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5 Chiefs players who could ride special-teams roles to the final roster

Kansas City always has players who seem to make the roster for their abilities on special teams. Who could they be in 2021?

Super Bowl LIV - San Francisco 49ers v Kansas City Chiefs Photo by Jamie Squire/Getty Images

Each year on roster cutdown day — and repeatedly during the season — both Kansas City Chiefs fans (and media) make a similar complaint: that special teams coordinator (and assistant head coach) Dave Toub has too much input on personnel decisions. During head coach Andy Reid’s tenure, the number of Chiefs players who have (seemingly) been kept only to play on special teams has been a consistent criticism.

When forced into extended action on offense or defense, these players sometimes struggle mightily. Examples include Frank Zombo playing more defensive snaps during Tamba Hali’s last two seasons — or Daniel Sorensen frequently filling in when Eric Berry was injured. While few can point to many specific examples where a player was cut to keep a core special teams player on the roster, the Chiefs are still often perceived to sacrifice better depth in order to keep Toub’s favorites.

For much of Reid’s time in Kansas City, special teams has been a strength of the team that clearly helped win some games. Of late, however, Toub’s units have appeared uncharacteristically undisciplined and gaffe-prone — which has put the back of the roster under much more scrutiny than would be typical for a team with this much recent success.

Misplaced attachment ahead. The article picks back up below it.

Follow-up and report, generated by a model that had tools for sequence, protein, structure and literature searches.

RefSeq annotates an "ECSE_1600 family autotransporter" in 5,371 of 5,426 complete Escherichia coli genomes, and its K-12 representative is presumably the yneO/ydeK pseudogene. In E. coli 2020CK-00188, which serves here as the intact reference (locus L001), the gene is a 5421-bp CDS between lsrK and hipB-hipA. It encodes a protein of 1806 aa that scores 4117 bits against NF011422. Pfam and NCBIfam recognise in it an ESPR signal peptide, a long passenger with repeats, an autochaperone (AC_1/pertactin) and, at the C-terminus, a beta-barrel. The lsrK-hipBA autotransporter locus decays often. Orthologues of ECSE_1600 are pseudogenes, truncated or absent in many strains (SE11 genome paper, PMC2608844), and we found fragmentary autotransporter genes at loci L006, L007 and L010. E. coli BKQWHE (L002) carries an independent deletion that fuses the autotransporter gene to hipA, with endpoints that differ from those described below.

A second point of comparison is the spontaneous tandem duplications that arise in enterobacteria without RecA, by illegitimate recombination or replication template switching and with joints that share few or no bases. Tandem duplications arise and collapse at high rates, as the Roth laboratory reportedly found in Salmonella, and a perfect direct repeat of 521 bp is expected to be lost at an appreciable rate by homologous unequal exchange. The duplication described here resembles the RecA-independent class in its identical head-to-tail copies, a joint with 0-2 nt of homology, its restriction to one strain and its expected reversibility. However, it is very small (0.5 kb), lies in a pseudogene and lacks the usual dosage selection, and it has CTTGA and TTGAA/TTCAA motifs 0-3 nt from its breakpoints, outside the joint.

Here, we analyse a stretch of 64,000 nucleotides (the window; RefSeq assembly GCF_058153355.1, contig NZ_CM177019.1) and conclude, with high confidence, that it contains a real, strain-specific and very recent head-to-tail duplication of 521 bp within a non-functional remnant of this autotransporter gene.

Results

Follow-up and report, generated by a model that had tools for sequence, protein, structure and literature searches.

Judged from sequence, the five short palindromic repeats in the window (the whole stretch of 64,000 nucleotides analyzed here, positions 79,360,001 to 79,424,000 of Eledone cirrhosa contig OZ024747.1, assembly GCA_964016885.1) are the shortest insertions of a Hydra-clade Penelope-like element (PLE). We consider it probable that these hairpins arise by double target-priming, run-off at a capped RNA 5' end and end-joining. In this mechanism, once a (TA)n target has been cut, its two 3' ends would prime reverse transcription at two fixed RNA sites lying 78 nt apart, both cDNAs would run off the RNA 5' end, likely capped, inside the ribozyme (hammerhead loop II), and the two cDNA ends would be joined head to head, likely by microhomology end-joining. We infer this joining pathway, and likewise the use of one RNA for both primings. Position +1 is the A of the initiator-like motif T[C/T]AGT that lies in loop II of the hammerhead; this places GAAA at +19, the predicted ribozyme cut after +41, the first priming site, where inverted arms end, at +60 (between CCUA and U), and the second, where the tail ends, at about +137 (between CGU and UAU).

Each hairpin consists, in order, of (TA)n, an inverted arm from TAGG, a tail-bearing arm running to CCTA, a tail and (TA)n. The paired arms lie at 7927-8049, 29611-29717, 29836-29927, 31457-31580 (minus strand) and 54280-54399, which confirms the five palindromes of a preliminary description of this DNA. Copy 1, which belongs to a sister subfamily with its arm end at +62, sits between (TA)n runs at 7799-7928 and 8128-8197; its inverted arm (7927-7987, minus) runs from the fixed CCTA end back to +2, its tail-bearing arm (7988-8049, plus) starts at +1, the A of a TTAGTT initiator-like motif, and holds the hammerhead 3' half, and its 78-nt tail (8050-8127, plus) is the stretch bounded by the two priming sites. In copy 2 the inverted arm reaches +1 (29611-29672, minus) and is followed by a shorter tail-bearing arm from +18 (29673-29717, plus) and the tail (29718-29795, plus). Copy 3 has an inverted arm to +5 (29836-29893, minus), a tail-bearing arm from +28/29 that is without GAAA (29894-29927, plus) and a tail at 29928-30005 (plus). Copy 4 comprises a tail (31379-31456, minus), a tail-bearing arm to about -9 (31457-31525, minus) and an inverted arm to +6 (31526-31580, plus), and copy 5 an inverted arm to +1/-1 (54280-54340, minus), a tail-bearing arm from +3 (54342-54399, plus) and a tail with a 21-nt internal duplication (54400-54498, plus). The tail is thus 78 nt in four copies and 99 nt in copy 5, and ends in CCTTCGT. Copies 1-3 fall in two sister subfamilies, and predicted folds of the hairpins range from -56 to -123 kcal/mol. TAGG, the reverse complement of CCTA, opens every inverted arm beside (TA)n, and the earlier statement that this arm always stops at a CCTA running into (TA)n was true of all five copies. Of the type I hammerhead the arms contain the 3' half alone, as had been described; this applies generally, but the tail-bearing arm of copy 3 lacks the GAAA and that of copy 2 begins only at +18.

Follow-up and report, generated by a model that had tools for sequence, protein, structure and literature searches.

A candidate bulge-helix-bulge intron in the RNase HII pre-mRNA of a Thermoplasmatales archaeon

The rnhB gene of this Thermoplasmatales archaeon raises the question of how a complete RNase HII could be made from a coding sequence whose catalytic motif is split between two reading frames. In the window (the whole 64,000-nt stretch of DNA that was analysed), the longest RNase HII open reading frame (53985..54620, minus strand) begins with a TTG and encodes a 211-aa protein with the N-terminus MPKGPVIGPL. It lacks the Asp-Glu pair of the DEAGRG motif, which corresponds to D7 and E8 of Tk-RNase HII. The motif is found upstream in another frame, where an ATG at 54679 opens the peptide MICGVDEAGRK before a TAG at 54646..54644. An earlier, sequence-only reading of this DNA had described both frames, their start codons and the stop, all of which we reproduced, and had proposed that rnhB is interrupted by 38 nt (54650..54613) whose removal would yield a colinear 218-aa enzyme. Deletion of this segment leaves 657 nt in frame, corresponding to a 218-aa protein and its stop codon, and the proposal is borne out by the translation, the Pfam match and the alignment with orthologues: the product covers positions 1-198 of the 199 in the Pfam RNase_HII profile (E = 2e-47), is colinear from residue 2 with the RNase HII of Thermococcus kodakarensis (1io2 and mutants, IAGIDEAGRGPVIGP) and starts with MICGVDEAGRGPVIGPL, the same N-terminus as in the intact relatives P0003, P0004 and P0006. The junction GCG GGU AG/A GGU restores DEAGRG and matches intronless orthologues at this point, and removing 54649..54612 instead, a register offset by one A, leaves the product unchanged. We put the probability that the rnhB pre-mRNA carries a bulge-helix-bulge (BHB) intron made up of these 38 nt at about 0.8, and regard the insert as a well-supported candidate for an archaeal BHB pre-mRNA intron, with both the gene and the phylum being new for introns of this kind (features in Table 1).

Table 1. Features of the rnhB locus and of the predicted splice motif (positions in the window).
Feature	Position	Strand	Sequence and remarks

Whether or not these criticisms have been justified, special-teams value will likely continue to be a factor for the back of the Kansas City roster in 2021; Toub will probably have his usual amount of input on personnel decisions.

So let’s examine some low-upside players who are unlikely to make an impact on either offense or defense but could have legitimate chances to make the roster based on their special-teams play.

WR Marcus Kemp

Kansas City Chiefs v Pittsburgh Steelers Photo by Justin Berl/Getty Images

It’s crazy — but since 2017. Kemp has appeared in 27 Chiefs games in which he has accumulated just two receptions for 18 yards. (One of those receptions came from quarterback Chad Henne during garbage time during 2020’s Week 7 game against the Denver Broncos). But in that same period, Kemp has played 467 special teams snaps for the Chiefs — and is widely reported to be one of Toub’s favorite coverage players.

However, there is a slight chance that Kemp might get an opportunity to play more on offense. Before a gruesome knee injury during the 2019 preseason, Kemp saw action with Mahomes and the starters during training camp — and after being activated from the practice squad for the postseason games against Buffalo Bills and Tampa Bay Buccaneers, he had 14 offensive snaps in those games. And based on photos published on the official team site, Kemp did see action with the starters during OTAs.